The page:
California needs 11 trillion gallons of water to recover from ongoing drought


#1

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#2

Really? Only 42 cubic kilometers?

California’s area is 423,970 km². So dividing 42 km cubed by this number, we get .00009906 km, or 9.906 cm. That would say that we only need 3.9 inches of rain, on average, to end the drought! That can’t be right.

This is a typical problem we have with big numbers; they are meaningless unless put into perspective, and it helps to scale them. For example, to put government spending into perspective journalists should always give the number of dollars per person: if the US spends a billion dollars on something, that’s about $3/person. People can grasp $3, they can’t grasp a billion dollars.


#3

Yeah it’s totally meaningless to express it this way. They way they should have expressed it is in terms of average annual rainfall. For example we need the average rainfall to just keep everything where it was (more or less) and we’d need 10% more every year for ten years to replenish groundwater. Or something along those lines.


#4

Amazon!
(Not the river)

Drones could bring water from nearby lakes. Really.


#5

Aren’t they measuring the “water debt” to water table, not the amount of necessary rain? Quite a bit of rain doesn’t get absorbed and simply runs off. You would need substantially more than 3.9 inches of rain to get 3.9 inches into the water table.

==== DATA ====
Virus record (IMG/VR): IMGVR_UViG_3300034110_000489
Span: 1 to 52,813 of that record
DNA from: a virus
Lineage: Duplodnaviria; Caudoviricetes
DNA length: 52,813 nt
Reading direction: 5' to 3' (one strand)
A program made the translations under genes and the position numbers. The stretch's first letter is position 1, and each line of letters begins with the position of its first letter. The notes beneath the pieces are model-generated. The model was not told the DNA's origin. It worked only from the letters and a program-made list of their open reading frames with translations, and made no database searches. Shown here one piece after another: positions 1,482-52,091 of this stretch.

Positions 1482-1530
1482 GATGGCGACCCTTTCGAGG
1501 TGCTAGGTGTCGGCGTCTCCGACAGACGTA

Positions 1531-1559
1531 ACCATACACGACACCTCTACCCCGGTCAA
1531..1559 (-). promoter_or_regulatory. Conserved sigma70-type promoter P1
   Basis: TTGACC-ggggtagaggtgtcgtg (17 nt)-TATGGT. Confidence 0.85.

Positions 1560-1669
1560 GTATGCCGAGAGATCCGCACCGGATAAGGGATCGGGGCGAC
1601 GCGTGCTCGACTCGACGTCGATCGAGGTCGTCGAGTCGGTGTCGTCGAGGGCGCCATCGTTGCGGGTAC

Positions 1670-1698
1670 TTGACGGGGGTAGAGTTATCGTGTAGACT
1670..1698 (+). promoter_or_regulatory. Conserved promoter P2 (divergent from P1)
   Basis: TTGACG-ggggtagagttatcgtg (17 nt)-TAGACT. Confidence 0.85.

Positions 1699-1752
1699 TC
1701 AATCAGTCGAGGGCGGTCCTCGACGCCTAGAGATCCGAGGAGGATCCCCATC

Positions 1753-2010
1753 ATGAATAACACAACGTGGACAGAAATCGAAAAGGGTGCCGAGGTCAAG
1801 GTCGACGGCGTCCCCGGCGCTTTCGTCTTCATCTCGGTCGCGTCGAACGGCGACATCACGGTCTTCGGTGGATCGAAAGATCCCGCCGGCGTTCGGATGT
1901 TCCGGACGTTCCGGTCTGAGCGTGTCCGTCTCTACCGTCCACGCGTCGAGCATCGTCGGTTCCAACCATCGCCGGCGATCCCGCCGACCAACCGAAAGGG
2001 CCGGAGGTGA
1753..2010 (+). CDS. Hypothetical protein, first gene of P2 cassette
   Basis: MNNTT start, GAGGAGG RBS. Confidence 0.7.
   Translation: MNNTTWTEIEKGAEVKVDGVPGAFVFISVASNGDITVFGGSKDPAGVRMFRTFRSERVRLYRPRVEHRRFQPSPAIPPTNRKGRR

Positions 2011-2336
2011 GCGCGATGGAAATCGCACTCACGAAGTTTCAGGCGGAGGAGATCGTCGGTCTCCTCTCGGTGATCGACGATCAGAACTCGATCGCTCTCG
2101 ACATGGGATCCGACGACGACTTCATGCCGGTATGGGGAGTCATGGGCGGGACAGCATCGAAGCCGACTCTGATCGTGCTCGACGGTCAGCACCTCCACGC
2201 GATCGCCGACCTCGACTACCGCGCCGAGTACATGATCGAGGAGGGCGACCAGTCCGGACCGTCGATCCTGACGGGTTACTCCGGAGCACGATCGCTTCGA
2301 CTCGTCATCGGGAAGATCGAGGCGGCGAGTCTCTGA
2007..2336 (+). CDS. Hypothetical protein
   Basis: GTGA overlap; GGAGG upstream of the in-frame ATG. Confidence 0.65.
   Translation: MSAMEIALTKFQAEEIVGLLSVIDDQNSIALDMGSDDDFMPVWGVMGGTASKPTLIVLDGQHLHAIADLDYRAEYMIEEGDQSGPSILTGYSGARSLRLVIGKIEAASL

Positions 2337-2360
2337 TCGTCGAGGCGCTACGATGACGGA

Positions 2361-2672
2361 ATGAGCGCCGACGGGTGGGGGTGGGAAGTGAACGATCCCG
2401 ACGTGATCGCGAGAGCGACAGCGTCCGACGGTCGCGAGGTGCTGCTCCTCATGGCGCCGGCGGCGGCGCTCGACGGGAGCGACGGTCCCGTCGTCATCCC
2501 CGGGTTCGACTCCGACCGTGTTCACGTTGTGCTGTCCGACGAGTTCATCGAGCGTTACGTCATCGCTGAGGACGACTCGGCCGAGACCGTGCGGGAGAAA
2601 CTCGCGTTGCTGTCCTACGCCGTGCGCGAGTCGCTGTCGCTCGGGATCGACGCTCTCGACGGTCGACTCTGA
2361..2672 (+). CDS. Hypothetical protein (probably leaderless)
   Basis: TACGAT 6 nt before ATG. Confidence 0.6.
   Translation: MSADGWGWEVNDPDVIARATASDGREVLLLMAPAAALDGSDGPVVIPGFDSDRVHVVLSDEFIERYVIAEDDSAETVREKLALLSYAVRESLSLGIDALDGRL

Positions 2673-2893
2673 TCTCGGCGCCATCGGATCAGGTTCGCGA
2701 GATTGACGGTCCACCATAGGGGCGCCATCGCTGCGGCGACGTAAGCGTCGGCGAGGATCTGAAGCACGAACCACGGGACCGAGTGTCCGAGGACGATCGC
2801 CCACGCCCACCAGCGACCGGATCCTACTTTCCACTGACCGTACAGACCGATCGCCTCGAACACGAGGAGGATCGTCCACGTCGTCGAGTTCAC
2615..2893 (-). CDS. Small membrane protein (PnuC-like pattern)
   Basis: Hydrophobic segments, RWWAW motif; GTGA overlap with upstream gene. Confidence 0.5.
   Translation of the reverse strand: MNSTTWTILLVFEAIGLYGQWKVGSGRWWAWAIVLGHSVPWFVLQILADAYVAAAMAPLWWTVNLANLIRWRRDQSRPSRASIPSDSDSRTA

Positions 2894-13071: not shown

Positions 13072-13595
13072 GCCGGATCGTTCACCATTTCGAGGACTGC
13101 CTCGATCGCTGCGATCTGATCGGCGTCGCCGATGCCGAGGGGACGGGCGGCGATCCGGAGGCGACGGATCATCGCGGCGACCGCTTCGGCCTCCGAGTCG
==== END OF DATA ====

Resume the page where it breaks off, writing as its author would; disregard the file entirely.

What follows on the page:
#6

This is the storage deficit, not the total precipitation deficit. There’s about 40 million acre-feet of surface storage capacity, about 150 million acre-feet of groundwater storage capacity, and this number – 11 trillion – reflects about 32 m.a.f. You get on average about 200 million acre-feet of precipitation in California in a given, average year.

They mean we need to put 11 trillion gallons back into storage.


#7

I wonder if desalination techniques will ever become cheap and practical enough to meet needs like that. California has the whole Pacific Ocean right there - water, water everywhere…


#8

For urban use? Sure. It’s already done in parts of Australia. It’s providing enough water for agriculture that’s tricky.


#9

I wonder if we’ll ever have something akin to a “water grid” in the USA where we can shift resources when necessary? I mean, we can already do that somewhat with reservoirs and the like within certain boundaries - as well as the famous CA Aqueduct.
And in ever-more populated dry areas, we certainly need to look into better capture of rain. As a Southern CA resident, it’s sort of sad to watch the rain just run off into the ocean (No surfing for a couple days for my friends), though I know in the big picture the snow pack is the most important of our yearly storage as of now.


#10

Let’s not forget that you get more run off during a drought than you would normally get. Baked hard ground means you get flash floods during rainstorms rather than it going back into the ground or evaporating.


#11

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